12. Australia’s first illustrated book

In 1813 Lewin produced his own version of Birds of New Holland — the book lost on its way to the colony. He called it Birds of New South Wales, and it is the first illustrated book published in Australia.

Of 13 copies known to have survived, four are held by the State Library of NSW. Because Lewin compiled the books from spare or discarded prints, none are identical.
The text, written by Lewin, demonstrates his lack of skill in ‘writing science’. It was printed by George Howe, the government printer.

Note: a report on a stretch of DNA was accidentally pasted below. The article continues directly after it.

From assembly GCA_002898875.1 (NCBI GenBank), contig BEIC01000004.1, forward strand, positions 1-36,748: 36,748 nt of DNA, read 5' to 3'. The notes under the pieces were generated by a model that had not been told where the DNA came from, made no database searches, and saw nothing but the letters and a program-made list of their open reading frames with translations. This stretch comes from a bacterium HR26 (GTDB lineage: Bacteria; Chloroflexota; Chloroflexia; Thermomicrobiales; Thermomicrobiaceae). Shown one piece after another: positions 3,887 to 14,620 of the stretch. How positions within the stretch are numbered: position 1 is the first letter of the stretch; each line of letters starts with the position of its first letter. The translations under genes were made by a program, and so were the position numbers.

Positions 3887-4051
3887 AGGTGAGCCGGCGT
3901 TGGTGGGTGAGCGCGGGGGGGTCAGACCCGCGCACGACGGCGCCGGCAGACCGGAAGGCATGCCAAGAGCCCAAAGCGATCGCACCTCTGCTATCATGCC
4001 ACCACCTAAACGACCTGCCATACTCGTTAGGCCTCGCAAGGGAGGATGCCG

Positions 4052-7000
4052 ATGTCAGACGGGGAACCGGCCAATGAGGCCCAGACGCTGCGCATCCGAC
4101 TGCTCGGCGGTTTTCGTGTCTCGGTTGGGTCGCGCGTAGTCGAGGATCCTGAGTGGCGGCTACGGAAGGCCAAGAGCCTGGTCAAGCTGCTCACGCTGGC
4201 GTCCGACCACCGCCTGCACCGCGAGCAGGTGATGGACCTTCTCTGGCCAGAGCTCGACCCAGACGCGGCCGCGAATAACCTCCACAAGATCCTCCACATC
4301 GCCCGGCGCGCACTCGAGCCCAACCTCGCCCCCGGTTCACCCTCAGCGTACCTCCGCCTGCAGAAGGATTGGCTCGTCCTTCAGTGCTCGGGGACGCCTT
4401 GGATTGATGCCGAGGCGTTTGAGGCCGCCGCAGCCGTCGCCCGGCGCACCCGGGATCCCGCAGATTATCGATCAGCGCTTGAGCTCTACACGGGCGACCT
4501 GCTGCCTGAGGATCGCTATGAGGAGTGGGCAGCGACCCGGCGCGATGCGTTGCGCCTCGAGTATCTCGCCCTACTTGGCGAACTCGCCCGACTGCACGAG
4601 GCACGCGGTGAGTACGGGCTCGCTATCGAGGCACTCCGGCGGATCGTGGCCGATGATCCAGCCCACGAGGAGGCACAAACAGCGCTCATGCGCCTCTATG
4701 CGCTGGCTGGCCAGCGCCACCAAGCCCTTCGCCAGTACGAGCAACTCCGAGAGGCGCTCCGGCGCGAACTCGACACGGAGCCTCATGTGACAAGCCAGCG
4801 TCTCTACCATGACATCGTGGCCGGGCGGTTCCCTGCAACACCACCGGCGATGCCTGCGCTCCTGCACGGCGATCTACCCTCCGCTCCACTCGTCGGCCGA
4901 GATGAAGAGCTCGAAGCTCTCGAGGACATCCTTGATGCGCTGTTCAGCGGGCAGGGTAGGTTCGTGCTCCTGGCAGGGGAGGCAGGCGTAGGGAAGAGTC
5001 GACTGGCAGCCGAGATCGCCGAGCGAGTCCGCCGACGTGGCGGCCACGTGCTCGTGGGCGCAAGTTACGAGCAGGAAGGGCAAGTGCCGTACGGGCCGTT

13. Art or illustration?

Governor Macquarie employed the ‘Masterly Hand of Mr Lewin’ to make watercolours of plants and animals discovered on John Oxley’s journeys of 1817 and 1818 into the north-western districts of NSW.

Macquarie sent these watercolours to his English superiors, along with specimens, as evidence of the expeditions’ success. The governor was so enthusiastic about Lewin’s work that he proposed to engage him ‘in the Service of Government Exclusively’.

Lewin developed a new style for large-format watercolours, with bold and balanced compositions, underpinned by strong diagonals. They are works of art, for display on walls, rather than illustrations for scientific examination. He changed his signature block for these works. Discarding his neat ‘J.W. Lewin A.L.S.’ — often accompanied by an exact date — he adopted a variety of more theatrical styles: signatures of an artist rather than an illustrator.

14. Painting in oil